How to use a pruning saw?

by Raymond Archambault

You’ve probably encountered situations in which you needed to trim your overgrown backyard, but realized that hand pruners would be ineffective. Well, a pruning saw may be useful. 

Pruning saws come in particularly helpful when the timber that requires pruning surpasses a thickness of 1.5 inches.

This means that you can rely on this garden tool to assist you in tackling varying branch thicknesses. 

However, due to the sort of job pruning saws are employed for, one has to practice the utmost care when using them.

Unlike loopers which are considerably easier to wield, saws demand a tremendous lot of strength and ability. If you want to know how to use this saw cautiously, be sure to not miss any section of this tutorial. 

Tips on Using a Pruning Saw

Wearing gloves and goggles is a must if you’re trimming a thick bush, which may be dangerous. Choose the optimum cutting angle after you know where to cut. After that, perform the following steps to begin trimming.

 

Note the Wood You’ll like To Keep:

Pruning saws can easily slip and harm bushes accidentally if you’re not careful. Since you’ll be working in a confined space, you’ll want to select which wood you’d like to keep before you start cutting anything. As a result, you’ll be much more cautious when cutting.

 

Pick a Comfortable Angle to Cut From:

When using a pruning saw, it’s a good idea to cut from the highest to the lowest point of the piece of wood. As a result, the saw will be drawn into the wood by gravity, making the job much simpler.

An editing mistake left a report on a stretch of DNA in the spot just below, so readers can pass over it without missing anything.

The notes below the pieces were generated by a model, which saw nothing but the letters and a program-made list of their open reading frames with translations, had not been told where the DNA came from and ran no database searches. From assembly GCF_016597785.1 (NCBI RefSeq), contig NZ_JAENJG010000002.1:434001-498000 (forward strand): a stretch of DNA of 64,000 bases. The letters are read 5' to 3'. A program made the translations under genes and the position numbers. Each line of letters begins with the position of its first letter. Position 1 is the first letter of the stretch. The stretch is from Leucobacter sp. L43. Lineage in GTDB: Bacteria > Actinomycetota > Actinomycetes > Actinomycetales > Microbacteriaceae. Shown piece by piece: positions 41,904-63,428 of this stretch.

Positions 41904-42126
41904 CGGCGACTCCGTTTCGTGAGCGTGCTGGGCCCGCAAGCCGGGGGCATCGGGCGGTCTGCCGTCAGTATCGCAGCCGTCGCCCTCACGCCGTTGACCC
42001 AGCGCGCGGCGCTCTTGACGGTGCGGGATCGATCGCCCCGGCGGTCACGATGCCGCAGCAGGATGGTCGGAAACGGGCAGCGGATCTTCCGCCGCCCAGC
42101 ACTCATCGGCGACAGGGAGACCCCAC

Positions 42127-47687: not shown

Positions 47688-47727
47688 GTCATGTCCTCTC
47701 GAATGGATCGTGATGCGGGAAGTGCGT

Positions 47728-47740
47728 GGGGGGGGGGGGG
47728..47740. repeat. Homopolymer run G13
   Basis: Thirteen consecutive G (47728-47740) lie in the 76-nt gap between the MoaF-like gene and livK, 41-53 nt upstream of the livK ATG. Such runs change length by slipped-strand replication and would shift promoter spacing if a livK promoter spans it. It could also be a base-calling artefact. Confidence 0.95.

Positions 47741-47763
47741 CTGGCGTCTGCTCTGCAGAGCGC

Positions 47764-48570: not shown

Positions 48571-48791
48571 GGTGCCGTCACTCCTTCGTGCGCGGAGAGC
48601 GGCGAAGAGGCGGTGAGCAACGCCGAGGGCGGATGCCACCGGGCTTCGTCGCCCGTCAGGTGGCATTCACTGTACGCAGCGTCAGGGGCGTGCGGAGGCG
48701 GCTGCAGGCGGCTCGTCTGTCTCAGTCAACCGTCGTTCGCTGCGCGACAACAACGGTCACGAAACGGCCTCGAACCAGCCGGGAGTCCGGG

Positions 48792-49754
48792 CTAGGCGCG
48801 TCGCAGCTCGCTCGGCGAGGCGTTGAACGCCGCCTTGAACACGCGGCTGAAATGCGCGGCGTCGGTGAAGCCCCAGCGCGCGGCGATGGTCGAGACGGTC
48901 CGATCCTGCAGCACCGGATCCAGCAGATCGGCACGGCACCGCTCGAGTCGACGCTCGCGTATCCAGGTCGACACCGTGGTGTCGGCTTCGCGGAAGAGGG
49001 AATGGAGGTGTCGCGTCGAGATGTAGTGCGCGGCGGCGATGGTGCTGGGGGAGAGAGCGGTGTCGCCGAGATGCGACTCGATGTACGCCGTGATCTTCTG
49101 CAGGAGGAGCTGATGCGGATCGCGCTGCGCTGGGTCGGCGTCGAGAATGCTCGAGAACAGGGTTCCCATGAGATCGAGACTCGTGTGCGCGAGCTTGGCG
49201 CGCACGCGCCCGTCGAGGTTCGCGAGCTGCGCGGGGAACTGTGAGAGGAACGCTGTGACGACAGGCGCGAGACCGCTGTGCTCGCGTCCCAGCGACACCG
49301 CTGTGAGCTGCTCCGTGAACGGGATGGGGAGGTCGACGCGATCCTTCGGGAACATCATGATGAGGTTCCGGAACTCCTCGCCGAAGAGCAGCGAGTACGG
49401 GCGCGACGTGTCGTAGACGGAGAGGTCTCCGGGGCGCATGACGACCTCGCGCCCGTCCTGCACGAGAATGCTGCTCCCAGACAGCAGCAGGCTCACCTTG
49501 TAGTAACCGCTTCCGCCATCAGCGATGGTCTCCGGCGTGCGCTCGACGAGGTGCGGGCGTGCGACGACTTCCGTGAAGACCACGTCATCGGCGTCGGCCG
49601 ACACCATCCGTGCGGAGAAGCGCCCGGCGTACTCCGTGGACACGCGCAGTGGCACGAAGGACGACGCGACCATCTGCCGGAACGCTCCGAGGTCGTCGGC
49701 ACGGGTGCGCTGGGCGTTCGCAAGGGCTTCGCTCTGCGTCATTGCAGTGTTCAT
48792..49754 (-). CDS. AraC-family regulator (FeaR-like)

Make Preliminary Cuts to Reduce Weight:

The weight of thick branches can be a problem, so it’s best to start by chopping some of them off. These will probably come undone as soon as you’ve finished cutting because of the weight. This is something you definitely do not want to happen. To avoid leaving a ripping wound on your plant, cut off a section of the branch to lower its weight.

 

Starting Your Final Cut:

In order to get your final cut started, you should start with a groove. On branches that are not horizontal, this keeps your saw from sliding.

 

 Begin to Cut:

Once you’ve established a groove to guide your strokes, you’re ready to begin cutting quickly. Using a back-and-forth motion, swing your saw. As you pull, use greater force, since this is when the cutting occurs.

 

Finish Cutting:

This is the stage when you keep sawing until the branch is completely removed from the tree. After you’ve made your cut, look for any rough spots in the wood and use a flat stroke of your blade to remove them.

pruning saw

Pruning Saws Safety Tips

Prune Comfortably:

Pruning should be done in a relaxed and unhurried manner, so make sure you are well-balanced before beginning. Ensure that the backstrokes of your saw are as long as possible. As you pull, you may also want to lean forward with your torso or your entire arm.

Avoid making blunders by conserving your strength to the maximum extent possible.

 

Keeping the Blade Straight:

Pressure on pushing strokes and wobbling pulls might cause your saw to bend. When you’re pulling, keep your strokes straight and only apply pressure when necessary.

 

When Working Near the Ground:

There are instances when it is necessary to work near the ground. Keep your blade out of the ground, though, since sand and stone can quickly dull the blade.

 

How to Wear Your Saw:

A holster on your belt is the safest way to carry your saw. It’s also possible to carry a folding pruning saw in your pocket. However, the saw’s hinge flexes and gathers grit, which is a drawback of the design.

 

Clean Your Saw Before Storing:

Before storing your saw, make sure it’s free of sawdust by knocking it on a piece of deadwood. After that, you could wipe down the saw with a sturdy piece of fabric.

The task of trimming using a pruning saw in your yard can be fairly difficult at times. Having said that, if you’re able to follow this guide, you’ll rapidly pick up on the basics and avoid making a lot of mistakes.

 

 

 

 

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